Usually as cyclists, when we think cross training, we tend to picture, weight lifting, or a little running, maybe some swimming, 'hey, maybe I'll do a tri!' Or sometimes a roadie will think, 'maybe I should do some trail work.' While all of the above are terribly good ideas, real crosstraining is a well thought out exercise regimen designed to balance your musculature. In his book, Cross Training for Endurance Athletes, Olympic Coach Raul Guisado takes crosstraining beyond the typical forums discussing the strength and flexibility benefits of some form of alternative exercise, and he developes a program specifically designed to increase trunk stability, joint stability, and overall power and agility.
The approach is quite simple really. Coach Guisado first educates the reader regarding skeletal and muscular interaction with a focus upon the mechanics and physics of sports activities. From this basis he expands the discussion to illuminate the need for activities specifically planned to balance the strength, stability, and agility of the musculature, and the speed of the nervous system for the opposing muscle groups for your sport specific needs.
Once this concept is grasped, it becomes very simple to follow the discussion and to design an exercise regimen suitable for balancing your strong muscles and nervous system response by implementing the exercise examples he suggests.
His discussion of strength building is not oriented to building bulk, but rather developing efficient muscle use and core stability. I would guess a good analogy would be the Leaning Tower of Pisa. Strong enough to remain intact while leaning the weakness was in the foundation, thus the tower leans. So it is with trunk stability. All power ultimately is translated to motive force through the body's core muscles, thus the foundation or launch platform must be strong and yet flexible to absorb punishment. And through a stable platform, energy can be delivered explosively with little loss.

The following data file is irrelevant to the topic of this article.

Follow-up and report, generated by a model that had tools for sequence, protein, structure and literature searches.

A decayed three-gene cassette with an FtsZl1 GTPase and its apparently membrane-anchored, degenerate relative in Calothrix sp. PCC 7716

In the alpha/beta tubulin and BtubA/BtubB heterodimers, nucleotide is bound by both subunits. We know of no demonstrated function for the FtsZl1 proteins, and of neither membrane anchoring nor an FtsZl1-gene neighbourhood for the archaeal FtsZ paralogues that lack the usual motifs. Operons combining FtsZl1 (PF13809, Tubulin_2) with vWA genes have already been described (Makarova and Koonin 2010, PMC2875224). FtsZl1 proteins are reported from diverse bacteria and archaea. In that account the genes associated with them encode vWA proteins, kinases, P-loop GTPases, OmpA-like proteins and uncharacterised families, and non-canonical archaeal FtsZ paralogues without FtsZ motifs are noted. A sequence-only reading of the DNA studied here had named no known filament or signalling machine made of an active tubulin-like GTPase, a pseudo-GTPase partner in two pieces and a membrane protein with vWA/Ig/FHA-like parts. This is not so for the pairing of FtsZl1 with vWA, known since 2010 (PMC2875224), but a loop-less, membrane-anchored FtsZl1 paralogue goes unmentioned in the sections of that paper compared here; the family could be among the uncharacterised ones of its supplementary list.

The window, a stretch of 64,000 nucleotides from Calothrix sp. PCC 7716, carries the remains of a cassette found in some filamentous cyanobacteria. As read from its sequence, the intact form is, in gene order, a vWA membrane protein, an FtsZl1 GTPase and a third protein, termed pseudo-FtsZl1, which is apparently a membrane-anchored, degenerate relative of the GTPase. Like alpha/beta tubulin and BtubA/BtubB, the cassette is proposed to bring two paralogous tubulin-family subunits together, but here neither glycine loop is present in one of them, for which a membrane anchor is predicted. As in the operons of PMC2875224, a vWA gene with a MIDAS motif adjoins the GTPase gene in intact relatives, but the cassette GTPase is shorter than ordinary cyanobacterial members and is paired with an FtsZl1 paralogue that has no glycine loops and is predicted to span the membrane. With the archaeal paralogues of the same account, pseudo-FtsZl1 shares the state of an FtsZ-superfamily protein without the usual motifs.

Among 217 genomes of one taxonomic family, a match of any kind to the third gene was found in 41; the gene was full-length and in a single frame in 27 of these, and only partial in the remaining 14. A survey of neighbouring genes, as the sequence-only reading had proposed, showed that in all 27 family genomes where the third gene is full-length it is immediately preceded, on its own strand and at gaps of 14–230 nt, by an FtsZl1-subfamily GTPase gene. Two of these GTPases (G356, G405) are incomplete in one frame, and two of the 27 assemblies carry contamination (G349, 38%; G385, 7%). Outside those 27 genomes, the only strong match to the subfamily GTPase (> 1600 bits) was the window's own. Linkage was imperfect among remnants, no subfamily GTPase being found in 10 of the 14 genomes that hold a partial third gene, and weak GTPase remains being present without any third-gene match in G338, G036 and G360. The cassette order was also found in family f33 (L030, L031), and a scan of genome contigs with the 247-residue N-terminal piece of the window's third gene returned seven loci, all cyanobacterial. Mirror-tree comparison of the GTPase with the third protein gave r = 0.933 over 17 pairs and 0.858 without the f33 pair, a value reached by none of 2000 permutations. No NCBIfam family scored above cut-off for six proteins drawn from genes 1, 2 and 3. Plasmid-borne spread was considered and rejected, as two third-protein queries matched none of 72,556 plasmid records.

This book will teach you how to achieve this balance. Laid out logically, and progressing upon a stabile pyramid of blocks of knowledge, the program is easy to follow. The illustrations are excellent, and clear, but what is really outstanding are the illustrative exercise photos. Often when viewing exercise photos and texts, I require several reads before I can really figure out what is going on. For the most part the photos in this book virtually obviate the need for text explanations. I give the production staff a huge, 'Well Done!"
Most books of this nature are not really designed to be read cover to cover, but rather as an instruction manual read as aspects of the regimen are implemented. For that reason, if read as a book, cover to cover, the points the author stresses at the beginning of each chapter can become redundant. But viewed as introductions to each phase of training approached in order separately, these redundancies transform into positive re-enforcement introductions to new exercise skills.
This book will become a valuable reference in the months ahead.